Blacks in Alabama gain Congressional seat after lawsuit prompts redrawn map

After almost two years of court fights, Alabama has a redrawn map that gives Blacks a Congressional seat.
Photo submitted

By Barrington M. Salmon
NNPA Newswire Contributor

A trio of federal judges chose a new congressional map for Alabama after almost two years of protracted skirmishes in state, federal and US Supreme courts.

Plaintiffs, including the NAACP, ACLU, Shalela Dowdy and Evan Milligan, had filed suit to challenge a new congressional district map drawn by Republicans in the Alabama Legislature which they said violated the landmark 1965 Voting Rights Act. The Republican-dominated legislature ignored the US Supreme Court and a lower court, forcing a three-judge panel to appoint a special master to redraw the boundaries.

Milligan said in the days after the court victory he has purposely not taken too much time to celebrate.

“I think I expected (this outcome) only very recently in the last couple of weeks,” said Milligan, 42, executive director of Alabama Forward, which describes itself as ‘a statewide civic engagement network committed to bringing together nonpartisan organizations to (build) power around progressive civic issues and movement towards greater freedom.’ “I am rightfully overjoyed, happy, and thankful, but as I think about those closer cases, there is a lot in store for us to do.”

Fellow activist Cliff Albright said he was of the same mind.

“There’s not much time for celebration although celebration of the Supreme Court ruling is too strong a word,” said Albright, co-founder and executive director of Black Voters Matter and the Black Voters Matter Fund. “I mean we expected it when the census was done and with the numbers but I know there’s always. Celebration would have been picking the second map.”

“The map that was chosen is technically not a majority-Black district. It has 48 percent of the population and a 45 percent voting population. We have the opportunity because it may be the first time we have a district without being a majority-Black district. It sets a troubling benchmark. They’re opening up a slippery slope. They could start watering down a majority-minority district.”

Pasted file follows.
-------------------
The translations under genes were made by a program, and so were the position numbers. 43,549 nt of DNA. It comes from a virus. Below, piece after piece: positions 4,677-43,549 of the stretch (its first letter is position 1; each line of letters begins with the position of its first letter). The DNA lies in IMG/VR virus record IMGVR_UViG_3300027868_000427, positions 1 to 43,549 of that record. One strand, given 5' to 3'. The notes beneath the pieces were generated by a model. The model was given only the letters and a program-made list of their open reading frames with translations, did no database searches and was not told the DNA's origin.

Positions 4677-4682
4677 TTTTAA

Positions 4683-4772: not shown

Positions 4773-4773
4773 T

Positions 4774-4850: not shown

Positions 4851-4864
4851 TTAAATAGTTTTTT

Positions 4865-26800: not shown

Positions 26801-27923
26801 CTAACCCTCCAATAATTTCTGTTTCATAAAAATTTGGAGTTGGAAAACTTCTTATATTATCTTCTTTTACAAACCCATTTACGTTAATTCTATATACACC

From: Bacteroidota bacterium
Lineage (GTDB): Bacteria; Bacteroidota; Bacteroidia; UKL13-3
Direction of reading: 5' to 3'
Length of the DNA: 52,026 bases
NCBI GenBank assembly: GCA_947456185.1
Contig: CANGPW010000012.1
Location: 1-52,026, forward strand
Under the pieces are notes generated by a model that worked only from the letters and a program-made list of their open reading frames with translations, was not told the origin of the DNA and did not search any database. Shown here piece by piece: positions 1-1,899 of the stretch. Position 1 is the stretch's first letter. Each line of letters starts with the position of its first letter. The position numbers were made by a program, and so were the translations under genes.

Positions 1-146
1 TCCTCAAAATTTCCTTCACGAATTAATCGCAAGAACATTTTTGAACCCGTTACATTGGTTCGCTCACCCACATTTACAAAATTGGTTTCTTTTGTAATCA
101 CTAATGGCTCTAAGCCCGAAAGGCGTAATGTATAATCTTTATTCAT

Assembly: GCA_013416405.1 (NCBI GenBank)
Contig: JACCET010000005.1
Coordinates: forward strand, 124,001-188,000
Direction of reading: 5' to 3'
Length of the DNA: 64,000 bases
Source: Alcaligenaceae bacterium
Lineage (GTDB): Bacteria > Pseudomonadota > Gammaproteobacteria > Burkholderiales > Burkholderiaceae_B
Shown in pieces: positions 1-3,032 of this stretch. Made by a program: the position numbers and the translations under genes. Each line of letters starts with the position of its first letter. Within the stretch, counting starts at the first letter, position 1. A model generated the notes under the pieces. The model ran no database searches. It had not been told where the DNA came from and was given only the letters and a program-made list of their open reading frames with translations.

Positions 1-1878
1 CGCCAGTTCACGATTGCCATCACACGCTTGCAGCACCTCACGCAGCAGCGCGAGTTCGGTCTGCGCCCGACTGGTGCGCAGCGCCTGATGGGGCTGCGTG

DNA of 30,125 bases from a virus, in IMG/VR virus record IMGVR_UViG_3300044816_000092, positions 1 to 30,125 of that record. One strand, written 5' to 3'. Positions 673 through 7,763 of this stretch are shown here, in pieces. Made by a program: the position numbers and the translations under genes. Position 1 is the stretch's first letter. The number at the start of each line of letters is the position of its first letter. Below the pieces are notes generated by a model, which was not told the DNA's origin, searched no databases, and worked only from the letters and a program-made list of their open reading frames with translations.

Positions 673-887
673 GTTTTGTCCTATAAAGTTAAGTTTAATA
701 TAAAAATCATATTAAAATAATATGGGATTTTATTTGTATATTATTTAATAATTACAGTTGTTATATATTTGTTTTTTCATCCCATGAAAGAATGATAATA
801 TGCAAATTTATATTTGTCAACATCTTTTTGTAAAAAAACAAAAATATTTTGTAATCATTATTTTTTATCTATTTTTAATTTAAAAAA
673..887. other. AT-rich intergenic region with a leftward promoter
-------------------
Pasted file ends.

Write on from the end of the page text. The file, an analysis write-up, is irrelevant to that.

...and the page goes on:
Albright, a 2020 Soros Equality Fellow, said he’s aware of the games certain legislators and policymakers play, even as he, fellow activists and voting rights advocates work to bring parity and justice to the electoral process.

“They are not guided by commonsense, justice or rightness,” said Albright. “We see anti-Black White supremacy in the Alabama legislature. White supremacy never takes a day off. It’s always playing the long game. When you’re in power, you can play the long game.”

In the interim, Albright said, activists need to concentrate on voter education; discussing with the community what the voting and voting rights looks like; stepping up voter registration and turnout; fighting to establish early voting; instituting voter changes; and ensuring that polling stations stay open long enough of all those who want to vote to do so.

“That discussion needs to start today,” he said. “We still have battles over Section 2, racial gerrymandering and related issues.”

Alex Aronson said he was struck by the brazenness of the Alabama state legislature.

“Alabama’s defiance is striking and nearly unprecedented in this country’s history. A recent report offers important color and context,” said Aronson, a judicial accountability advocate and former chief counsel to US Sen. Sheldon Whitehouse. “This is not an organic development. Legislators are not acting or making strategy independently. There is a billion-dollar force which has been entrenched in the judiciary. About $600 million has been spent to control the composition of the court.”

Aronson said that money comes from a network built by arch-conservative activist and rightwing power broker Leonard Leo and the Federalist Society, a dark money front group which was instrumental in selecting all six conservative justices on the US Supreme Court.

Aronson, managing director of the Institute for Constitutional Advocacy and Protection at Georgetown University, said the Alabama case goes to the heart of whether America remains a democracy or not.

“Something abnormal is happening here. A dark-money network is behind the attacks on Critical Race Theory, book banning and more. They have been hiding their tracks. They have serious and dangerous plans for America’s future,” he said.

On Twitter, Aronson offered yet another warning: “Elected Democrats either stand up to confront the Federalist Society’s authoritarian project, or we descend into authoritarianism. Those are the options.”

The Rev. Jim Wallis said Alabama represents the existential struggle between White Christian nationalists and other Americans who aren’t as ideological or who hold different positions.

“This is about race and power. This is a test of the court system, equality, and a test of faith,” said Wallace, a renowned social justice activist, theologian, author and teacher. “… It’s about 2024 and the election. History is coming to a crescendo. It’s a choice between a genuine multicultural democracy or a land ordained by God for White Europeans. A whole lot of White people support this … We’re facing, finally. A decision: ‘Is America possible?’”


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